This article will continue to be updated with the latest information from the U.S. Forest Service regarding fires on or near federally managed lands in Southern Oregon. For information on fires managed by the Oregon Department of Forestry in the Rogue Valley, click here.
(Updated at 1:09 p.m. on Saturday, July 28 with the latest reports)
Medford, OR — Forestry and fire crews with the Rogue River-Siskiyou National Forest and several Incident Management Teams from the U.S. Forest Service are currently fighting several fires burning deep in national forest lands spread across Southern Oregon.
Those fires include the Hendrix Fire southwest of Ashland and the Natchez Fire near Obrien—the two biggest fires on Forest Service lands—but there are a number of smaller fires spread in a virtual horseshoe around the Rogue Valley.
The Forest Service has responded to over 50 fires since July 15 and the majority of them are in some form of mop up or patrol, according to RRSNF.
A Red Flag Warning is in effect for strong, gusty winds with low relative humidity and high fire danger, which will likely contribute to a significant spread of new and existing fires. Warm and dry weather will continue over the geographic area today and through the weekend. Smoke has cleared over some of the fires, contributing to more active fire behavior today and possible column development this afternoon. Fire danger remains at or near record values for late July in many areas and will continue to climb through the weekend.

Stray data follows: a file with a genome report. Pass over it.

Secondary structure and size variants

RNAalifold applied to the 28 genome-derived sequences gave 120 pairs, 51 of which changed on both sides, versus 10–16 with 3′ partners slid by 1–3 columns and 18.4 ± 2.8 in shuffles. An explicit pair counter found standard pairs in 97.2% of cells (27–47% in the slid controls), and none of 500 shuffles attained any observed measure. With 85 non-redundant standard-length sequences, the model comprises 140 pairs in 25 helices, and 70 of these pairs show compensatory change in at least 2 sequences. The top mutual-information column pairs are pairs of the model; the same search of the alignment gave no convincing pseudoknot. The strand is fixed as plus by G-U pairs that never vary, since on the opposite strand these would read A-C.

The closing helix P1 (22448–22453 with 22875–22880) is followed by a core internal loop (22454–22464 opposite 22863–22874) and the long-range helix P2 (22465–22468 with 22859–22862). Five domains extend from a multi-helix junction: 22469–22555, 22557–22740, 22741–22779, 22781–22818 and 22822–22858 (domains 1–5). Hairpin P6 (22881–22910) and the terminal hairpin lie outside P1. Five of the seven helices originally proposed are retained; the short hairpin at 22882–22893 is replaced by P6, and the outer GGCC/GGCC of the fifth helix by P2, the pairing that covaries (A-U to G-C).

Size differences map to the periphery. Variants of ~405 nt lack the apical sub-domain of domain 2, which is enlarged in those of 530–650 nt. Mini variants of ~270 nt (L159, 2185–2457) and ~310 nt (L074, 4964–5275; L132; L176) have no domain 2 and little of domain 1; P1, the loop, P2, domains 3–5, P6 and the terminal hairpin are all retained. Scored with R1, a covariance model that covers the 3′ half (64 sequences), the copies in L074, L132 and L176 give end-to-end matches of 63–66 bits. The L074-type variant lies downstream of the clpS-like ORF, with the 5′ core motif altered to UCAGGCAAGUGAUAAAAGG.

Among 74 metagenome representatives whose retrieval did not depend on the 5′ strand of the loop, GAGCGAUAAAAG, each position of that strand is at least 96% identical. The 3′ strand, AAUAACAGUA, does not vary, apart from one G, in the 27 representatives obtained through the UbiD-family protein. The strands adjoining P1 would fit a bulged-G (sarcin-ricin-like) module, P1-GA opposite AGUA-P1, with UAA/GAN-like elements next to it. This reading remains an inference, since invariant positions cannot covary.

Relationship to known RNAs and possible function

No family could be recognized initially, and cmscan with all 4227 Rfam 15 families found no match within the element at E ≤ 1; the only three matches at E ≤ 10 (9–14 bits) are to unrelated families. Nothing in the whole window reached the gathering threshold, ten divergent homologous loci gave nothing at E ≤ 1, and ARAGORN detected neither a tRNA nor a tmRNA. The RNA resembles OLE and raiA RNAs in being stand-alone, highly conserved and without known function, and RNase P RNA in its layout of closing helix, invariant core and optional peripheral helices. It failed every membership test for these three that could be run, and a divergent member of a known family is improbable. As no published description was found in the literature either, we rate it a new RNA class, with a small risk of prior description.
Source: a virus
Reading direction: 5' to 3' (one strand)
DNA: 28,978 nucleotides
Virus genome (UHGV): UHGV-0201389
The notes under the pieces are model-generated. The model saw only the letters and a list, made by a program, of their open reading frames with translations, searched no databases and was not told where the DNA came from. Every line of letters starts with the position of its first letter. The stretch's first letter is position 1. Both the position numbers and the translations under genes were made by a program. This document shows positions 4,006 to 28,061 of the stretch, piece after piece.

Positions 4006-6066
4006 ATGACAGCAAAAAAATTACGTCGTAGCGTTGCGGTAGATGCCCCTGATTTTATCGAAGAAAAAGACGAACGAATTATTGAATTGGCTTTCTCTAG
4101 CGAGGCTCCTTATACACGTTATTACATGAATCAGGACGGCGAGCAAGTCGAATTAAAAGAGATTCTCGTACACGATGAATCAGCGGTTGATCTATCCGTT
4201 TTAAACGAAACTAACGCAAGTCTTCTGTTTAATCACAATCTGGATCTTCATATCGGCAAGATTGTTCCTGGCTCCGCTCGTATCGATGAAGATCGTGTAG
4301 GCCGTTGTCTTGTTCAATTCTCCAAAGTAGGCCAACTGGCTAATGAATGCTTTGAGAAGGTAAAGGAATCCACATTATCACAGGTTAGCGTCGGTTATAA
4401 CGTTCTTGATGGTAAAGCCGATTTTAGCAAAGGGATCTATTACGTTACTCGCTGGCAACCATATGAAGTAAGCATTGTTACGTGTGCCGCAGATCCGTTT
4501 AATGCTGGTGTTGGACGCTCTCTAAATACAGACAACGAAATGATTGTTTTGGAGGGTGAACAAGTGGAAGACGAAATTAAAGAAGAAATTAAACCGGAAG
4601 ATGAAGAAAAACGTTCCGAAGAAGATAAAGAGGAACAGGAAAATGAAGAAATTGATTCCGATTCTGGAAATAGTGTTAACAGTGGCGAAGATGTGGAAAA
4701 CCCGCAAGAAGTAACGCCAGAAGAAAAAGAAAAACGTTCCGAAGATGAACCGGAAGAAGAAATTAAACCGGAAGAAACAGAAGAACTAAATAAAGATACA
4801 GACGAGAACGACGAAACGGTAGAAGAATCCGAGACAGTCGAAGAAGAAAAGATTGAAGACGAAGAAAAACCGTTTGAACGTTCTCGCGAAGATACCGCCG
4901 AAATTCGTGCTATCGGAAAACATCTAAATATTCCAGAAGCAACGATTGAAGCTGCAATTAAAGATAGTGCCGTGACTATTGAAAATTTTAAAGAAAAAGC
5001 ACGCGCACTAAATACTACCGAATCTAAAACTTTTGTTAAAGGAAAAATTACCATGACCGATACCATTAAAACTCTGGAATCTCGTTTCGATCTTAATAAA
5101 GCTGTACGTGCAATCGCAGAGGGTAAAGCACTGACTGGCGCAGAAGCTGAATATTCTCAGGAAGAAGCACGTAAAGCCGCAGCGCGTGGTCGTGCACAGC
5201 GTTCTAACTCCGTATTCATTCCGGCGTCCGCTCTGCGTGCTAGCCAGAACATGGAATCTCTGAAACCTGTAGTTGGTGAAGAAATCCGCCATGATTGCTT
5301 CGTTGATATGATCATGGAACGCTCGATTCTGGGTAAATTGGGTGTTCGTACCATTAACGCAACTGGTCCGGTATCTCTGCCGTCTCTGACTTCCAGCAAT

An increase in fire activity is expected for the Natchez and Klondike fires. Other fires across SW OR and NW CA are expected to remain active, producing the most amount of smoke in the mid to late afternoon. Poor air quality conditions persist throughout outlook area, ranging from unhealthy at the northern extent to moderate at the southern end. As fire activity increases, air quality is expected to deteriorate.
RRSNF's current catalogue of fires are reported as follows:
The Hendrix Fire southwest of Ashland is now at 1,081 acres and 70 percent contained, according to the latest update from the U.S. Forest Service (USFS). Fire crews expect to reach full containment by July 31.
339 personnel are assigned to the Hendrix Fire.
The Natchez Fire is at 3,777 acres and is 10 percent contained. The Klondike Fire is at 10,989 acres with only 5 percent containment.
The original Natchez fire burns south of Takilma in national forest land, however the name now includes the Klondike, Granite and Poker fires in the Kalmiopsis Wilderness west of Selma. RRSNF says that they chose to group these fires together under the Natchez Fire because the Natchez is the largest of all of them in that area.
On the west side fire managers are using the Chetco burn scar from last year to slow and hold the fire in place. Dozers are improving roads and trails just north of the Kalmiopsis Wilderness boundary where fuels are lighter and the terrain is more conducive to work by heavy equipment. Fire crews continue to work to the east of the fire, prepping roads and trails for alternate line construction and to improve primary control lines. This includes the 675 and 091 roads on the north as well as the 087 Road to the south.
1,109 personnel are assigned to the Natchez Fire.
Sugar Pine Fire
The Sugar Pine Fire consists of multiple fires west of Crater Lake National Park. Combined, those fires cover approximately 3,101 acres with varying levels of containment, entirely dependent on the individual fire.
There are 777 personnel assigned to the Sugar Pine Fire.
The major fires are named Sugar Pine, Round Top, Goodview, Junction and Union.
South Umpqua Complex
Primarily in Douglas County, this fire has now prompted evacuation notices in Jackson County from the Snowshoe Fire. The fire is located roughly 45 miles southeast of Roseburg, covers 10.707 acres and is 14 percent contained.
There are 1,289 personnel assigned to the South Umpqua Complex.